DOE rulemaking could dash California Title 20 sting (UPDATED)

The US Department of Energy is pursuing regulations for general service lamps that are stronger in many ways than California Title 20, but don't mandate the boost in color rendering performance that has drawn the ire of many in the SSL sector.

Apr 11th, 2016
DOE rulemaking could dash California Title 20 sting
DOE rulemaking could dash California Title 20 sting

The US Department of Energy is pursuing regulations for general service lamps that are stronger in many ways than California Title 20, but don't mandate the boost in color rendering performance that has drawn the ire of many in the SSL sector.

The US Department of Energy (DOE) is purportedly readying regulations on general service lamps, including both LED-based products and compact fluorescent lamps (CFLs), that would in part negate the widely-criticized California Title 20 rulemaking. Evidently, the DOE policy will require a minimum CRI of 80 for all general-service lamps whereas the California Energy Commission (CEC) has effectively mandated a CRI of 90, and the higher CRI could equate to higher-cost lamps for consumers and slightly greater energy usage. It appears that the federal policy will rule with solid-state lighting (SSL) products, at least in terms of the ubiquitous A-lamp.

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We covered the Title 20 rulemaking back in February and the opposition to the policy by organizations such as the National Electrical Manufacturers Association (NEMA). Moreover, we expressed our opinion that CRI should be a free market choice — and not regulated — in our March 2016 issue editorial.

That editorial has drawn significant email response and most of the email agreed with our position on the policy. The one notable exception was communication from Michael Siminovitch, director of the California Lighting Technology Center (CLTC) at the University of California at Davis. Siminovitch argues that a quality factor such as color rendering is not readily apparent at the time of consumer purchase. The fear is that the consumer is displeased with the lamp once it is installed.

Siminovitch also said lumens are an incomplete measure of the light produced. He argues that slightly fewer lumens combined with higher CRI would prove more beneficial and pleasing to a person. Manufacturers that took such a design approach could presumably deliver products without the efficacy penalty commonly associated with higher CRI. Plus, Siminovitch said LED and lamp manufacturers are rapidly reducing the efficacy penalty. Note that the CLTC was in part behind the Title 20 development.

Still, we will stand by our opinion that consumers deserve the choice of buying lower-CRI and less expensive lamps based on the application at hand. And even in California, consumers will still get that opportunity according to Francis Rubinstein, an industry consultant and retired staff scientist from Lawrence Berkeley National Laboratory. Among many other things, Rubinstein has trialed LED lighting and controls in federal buildings working with the DOE's Commercial Building Partnership Program. He presented results of that work at the recent Strategies in Light conference.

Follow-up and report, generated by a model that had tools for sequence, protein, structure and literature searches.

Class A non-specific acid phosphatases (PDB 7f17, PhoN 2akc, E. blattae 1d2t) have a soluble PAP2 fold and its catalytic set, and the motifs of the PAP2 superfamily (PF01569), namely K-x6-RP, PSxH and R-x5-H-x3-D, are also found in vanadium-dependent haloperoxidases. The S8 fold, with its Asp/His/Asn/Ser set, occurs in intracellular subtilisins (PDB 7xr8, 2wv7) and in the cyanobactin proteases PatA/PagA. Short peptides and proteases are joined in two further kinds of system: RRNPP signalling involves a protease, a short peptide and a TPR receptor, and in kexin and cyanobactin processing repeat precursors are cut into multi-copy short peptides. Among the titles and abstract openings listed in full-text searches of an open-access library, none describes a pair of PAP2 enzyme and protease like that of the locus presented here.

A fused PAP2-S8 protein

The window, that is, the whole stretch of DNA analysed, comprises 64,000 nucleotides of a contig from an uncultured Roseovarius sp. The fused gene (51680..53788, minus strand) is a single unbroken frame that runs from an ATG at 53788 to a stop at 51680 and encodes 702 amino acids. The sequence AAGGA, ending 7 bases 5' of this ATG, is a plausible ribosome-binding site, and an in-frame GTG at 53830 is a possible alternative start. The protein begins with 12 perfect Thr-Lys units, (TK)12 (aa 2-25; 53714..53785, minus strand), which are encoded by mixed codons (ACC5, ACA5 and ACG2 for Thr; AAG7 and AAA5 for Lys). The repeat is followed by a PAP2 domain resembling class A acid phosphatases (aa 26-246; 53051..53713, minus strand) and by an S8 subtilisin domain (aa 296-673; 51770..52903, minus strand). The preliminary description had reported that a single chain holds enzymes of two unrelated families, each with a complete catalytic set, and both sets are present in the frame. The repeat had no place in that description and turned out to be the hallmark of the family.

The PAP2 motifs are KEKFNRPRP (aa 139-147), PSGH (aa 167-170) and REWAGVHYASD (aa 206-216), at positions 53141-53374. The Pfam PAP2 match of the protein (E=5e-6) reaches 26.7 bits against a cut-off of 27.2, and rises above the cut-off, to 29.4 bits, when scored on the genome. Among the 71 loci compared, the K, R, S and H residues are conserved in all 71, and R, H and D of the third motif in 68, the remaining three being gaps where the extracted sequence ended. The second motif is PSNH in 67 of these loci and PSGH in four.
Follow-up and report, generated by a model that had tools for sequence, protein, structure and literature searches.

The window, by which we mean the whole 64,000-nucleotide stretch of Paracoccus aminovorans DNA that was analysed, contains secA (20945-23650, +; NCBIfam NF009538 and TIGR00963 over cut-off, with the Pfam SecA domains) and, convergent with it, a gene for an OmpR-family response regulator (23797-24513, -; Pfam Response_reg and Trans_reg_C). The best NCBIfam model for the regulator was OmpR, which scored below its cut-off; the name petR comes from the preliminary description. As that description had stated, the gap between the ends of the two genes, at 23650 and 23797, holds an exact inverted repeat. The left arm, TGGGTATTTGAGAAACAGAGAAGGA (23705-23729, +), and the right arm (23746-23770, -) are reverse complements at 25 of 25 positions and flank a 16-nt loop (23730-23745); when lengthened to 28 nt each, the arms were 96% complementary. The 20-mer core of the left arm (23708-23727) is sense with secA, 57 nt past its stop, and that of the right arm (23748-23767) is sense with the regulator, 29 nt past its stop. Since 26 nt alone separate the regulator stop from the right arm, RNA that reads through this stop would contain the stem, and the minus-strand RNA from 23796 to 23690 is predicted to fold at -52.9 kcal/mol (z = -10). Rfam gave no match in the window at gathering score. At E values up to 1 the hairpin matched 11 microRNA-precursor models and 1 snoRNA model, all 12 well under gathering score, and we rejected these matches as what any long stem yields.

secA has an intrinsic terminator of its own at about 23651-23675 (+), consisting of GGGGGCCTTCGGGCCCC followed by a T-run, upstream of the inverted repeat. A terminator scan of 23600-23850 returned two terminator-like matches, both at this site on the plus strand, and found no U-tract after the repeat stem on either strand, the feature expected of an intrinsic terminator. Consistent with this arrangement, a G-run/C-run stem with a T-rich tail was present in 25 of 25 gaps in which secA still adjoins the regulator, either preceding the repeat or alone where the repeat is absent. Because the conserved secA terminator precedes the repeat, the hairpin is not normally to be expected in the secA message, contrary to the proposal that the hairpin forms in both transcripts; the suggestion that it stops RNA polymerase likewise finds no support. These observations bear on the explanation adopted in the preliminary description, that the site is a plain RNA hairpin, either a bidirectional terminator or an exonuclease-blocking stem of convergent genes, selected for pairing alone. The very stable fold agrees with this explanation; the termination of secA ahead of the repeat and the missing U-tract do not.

Rubinstein said overall Title 20 is considerably weaker than the DOE policy that should emerge shortly. But the DOE will only require 80 CRI and has noted that both LED and CFL lamps that are on the market have demonstrated that 80 CRI is an economically-achievable goal. The DOE policy will set efficacy minimums on a sliding scale from 89 lm/W to 100 lm/W with higher efficacy required as lumen output increases.

Moreover, Rubinstein said generally the federal policy would take precedent over any state-level policy, even within the borders of California. Of course, the California policy was feared by the industry because energy programs that have begun in California have frequently been adopted more broadly in the US and even in other regions.

Rubinstein said California would have the option of implementing the DOE rulemaking in advance of the DOE policy taking effect across the US, but "could not roll their own standard." The DOE policy will presumably be enforced beginning in 2020. CEC Title 20 is intended to take effect in 2018. There is precedent for California moving quicker on enforcing federal energy policy. For example, Rubinstein points out that California implemented the policy defined in the Energy Independence and Security Act (EISA) of 2007 some 18 months before the nationwide policy took effect. EISA 2007 has often incorrectly been labeled the incandescent lamp ban.

Still, the DOE and CEC regulations have a different scope. Rubinstein said the DOE rulemaking is specific to general-service lamps — essentially A-lamps with a medium screw base. CEC Title 20 also prescribes CRI-90 performance for what are called "small diameter directional LED lamps." The requirement would apply to popular reflector lamps in the MR form factor and to a small amount of PAR lamps, all with a diameter of 2.25 in. or less.

The SSL industry impact in the reflector-based products would surely be less than if Title 20 were applied to A-lamps. Many of the small-diameter reflector-type lamps are used commercially, and in applications such as retail and hospitality, customers might prefer the higher CRI in any case.

Without question, the Title 20 rulemaking remains a hot topic. At Strategies in Light, CEC Commissioner David Hochschild spoke in the Plenary Session but focused purely on the renewable energy initiatives in the state. When the session was opened for questions, Hochschild was immediately asked about the reasoning behind the Title 20 CRI requirement. He gave a terse response about avoiding consumer dissatisfaction, referred questions on the topic to a deputy, and practically sprinted from the stage taking no more questions.

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